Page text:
In ESG Capital v. Venable, — F.4th — (9th Cir July, 2016), a “group of investors” formed a limited partnership expecting to buy some Facebook shares before the company went “public.” It entered into a contract with a guy who basically stole their money then disappeared. The investors sued the individual as well as his attorney, Venable LLP. The investors alleged that Venable violated Rule 10(b)5 as well as “nonfraud state law claims for conversion, unjust enrichment, unfair competition, aiding and abetting fraud, and conspiracy to commit fraud.” The Firm filed a Motion to Dismiss, FRCP 12(b)(6), and after one amendment, the district court dismissed the case with prejudice.
A couple of weeks ago the 9th Circuit reversed sending the case back to the district court for trial. You can watch oral argument at the 9th Circuit here. The 9th Circuit said
To state a federal securities fraud claim, in violation of § 10(b), a plaintiff must show: “(1) a material misrepresentation or omission by the defendant; (2) scienter; (3) a connection between the misrepresentation or omission and the purchase or sale of a security; (4) reliance upon the misrepresentation or omission; (5) economic loss; and (6) loss causation.” Thompson v. Paul, 547 F.3d 1055, 1061 (9th Cir. 2008) (quoting Stoneridge Inv. Partners, LLC v. Scientific-Atlanta, 552 U.S. 148, 157 (2008)).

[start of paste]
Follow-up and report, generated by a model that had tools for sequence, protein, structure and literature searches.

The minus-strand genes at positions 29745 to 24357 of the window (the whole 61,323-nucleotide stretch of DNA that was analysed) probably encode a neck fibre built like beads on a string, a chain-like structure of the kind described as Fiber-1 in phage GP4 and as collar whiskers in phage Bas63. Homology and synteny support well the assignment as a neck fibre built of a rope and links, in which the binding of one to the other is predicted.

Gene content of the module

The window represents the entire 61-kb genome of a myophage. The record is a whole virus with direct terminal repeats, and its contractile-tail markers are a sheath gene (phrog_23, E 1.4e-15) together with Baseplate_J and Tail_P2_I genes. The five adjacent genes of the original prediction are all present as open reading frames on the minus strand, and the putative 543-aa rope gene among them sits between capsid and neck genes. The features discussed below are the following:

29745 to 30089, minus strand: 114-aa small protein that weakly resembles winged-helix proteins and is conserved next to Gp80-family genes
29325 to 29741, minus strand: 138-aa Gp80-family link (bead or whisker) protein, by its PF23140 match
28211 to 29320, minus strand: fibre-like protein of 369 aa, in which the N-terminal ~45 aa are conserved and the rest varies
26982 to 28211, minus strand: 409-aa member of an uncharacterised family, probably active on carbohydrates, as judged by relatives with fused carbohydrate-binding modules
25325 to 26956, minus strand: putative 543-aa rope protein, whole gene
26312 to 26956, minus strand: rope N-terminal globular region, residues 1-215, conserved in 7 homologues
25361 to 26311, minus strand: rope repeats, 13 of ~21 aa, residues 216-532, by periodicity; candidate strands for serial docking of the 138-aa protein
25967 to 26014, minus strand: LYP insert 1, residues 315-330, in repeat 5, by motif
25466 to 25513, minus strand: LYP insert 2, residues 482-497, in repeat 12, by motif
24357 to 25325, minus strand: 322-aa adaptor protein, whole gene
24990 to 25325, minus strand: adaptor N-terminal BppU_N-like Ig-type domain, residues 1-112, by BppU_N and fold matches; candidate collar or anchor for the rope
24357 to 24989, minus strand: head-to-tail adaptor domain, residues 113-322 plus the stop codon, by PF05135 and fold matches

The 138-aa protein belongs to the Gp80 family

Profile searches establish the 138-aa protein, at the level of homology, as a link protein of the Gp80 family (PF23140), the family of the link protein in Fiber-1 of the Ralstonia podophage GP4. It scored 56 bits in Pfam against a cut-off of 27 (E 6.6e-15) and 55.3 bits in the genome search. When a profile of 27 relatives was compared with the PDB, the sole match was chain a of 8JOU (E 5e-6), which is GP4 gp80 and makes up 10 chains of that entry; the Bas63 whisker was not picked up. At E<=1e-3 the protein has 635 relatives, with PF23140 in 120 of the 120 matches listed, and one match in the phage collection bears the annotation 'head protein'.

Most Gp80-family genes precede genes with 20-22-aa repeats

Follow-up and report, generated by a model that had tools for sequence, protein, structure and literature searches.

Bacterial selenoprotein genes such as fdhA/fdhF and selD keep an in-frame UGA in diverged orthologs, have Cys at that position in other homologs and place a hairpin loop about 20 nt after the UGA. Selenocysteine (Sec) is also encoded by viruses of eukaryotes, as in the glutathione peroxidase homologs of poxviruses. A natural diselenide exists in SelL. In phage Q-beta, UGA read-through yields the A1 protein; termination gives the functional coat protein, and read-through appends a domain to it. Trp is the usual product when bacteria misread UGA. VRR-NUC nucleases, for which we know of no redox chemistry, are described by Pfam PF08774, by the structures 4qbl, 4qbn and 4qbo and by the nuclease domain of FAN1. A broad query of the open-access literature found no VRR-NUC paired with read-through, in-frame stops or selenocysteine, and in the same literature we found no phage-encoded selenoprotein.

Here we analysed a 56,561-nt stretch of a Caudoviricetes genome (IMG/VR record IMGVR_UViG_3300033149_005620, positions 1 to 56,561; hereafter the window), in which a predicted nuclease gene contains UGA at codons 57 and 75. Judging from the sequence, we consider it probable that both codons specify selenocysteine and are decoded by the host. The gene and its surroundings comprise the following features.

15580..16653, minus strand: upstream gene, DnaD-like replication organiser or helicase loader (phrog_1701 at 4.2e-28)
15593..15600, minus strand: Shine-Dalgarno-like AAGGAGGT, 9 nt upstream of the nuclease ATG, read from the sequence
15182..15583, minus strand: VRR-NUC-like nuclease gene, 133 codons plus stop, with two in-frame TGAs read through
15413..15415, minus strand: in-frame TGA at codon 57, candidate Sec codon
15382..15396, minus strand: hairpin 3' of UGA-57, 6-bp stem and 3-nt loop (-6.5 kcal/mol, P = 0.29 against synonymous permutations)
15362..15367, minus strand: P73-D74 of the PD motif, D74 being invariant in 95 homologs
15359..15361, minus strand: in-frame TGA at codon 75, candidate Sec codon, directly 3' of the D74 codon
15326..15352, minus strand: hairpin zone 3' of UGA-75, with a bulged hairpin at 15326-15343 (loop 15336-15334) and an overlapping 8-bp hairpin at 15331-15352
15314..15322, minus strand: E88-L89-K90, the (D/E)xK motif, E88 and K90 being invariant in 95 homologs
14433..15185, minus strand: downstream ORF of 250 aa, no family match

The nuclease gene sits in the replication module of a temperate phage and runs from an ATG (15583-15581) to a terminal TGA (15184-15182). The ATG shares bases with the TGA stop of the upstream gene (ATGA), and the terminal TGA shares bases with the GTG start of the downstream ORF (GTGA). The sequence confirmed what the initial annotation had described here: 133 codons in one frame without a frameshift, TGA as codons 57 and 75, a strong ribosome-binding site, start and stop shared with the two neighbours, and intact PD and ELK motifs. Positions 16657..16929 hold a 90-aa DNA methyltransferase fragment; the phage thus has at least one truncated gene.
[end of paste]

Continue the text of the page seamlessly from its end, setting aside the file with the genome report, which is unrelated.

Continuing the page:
Section 10(b) is the general anti-fraud provision of the Securities Exchange Act of 1934. 15 U.S.C. § 78j(b). Its requirements operate in conjunction with Securities and Exchange Commission Rule 10b–5.
As this court has explained,
Section 10(b) of the Exchange Act of 1934, 15 U.S.C. § 78j(b), makes it unlawful “for any person . . . [t]o use or employ, in connection with the purchase or sale of any security . . . any manipulative or deceptive device or contrivance in contravention of such rules and regulations as the Commission may prescribe[.]” SEC Rule 10b–5, promulgated under the authority of section 10(b), in turn, provides:
It shall be unlawful for any person . . . (a) To employ any device, scheme, or artifice to defraud, (b) To make any untrue statement of a material fact or to omit to state a material fact necessary in order to make the statements made, in light of the circumstances under which they were made, not misleading, or (c) To engage in any act, practice, or course of business which operates or would operate as a fraud or deceit upon any person, in connection with the purchase or sale of any security. 17 C.F.R. § 240.10b–5.
The attorney could be liable if he made a false statement. That is an issue of fact and Plaintiff’s have the right to try to prove that. The firm would be liable for omitting to disclose a fact only if there is a duty to disclose. Did the attorney have a duty to disclose something to the buyers? The court said that “An attorney who undertakes to make representations to prospective purchasers of securities is under an obligation, imposed by Section 10(b), to tell the truth about those securities.” The attorney “had an independent legal duty to the plaintiff, or an attorney who went beyond a professional duty as part of a conspiracy for the attorney’s financial gain.”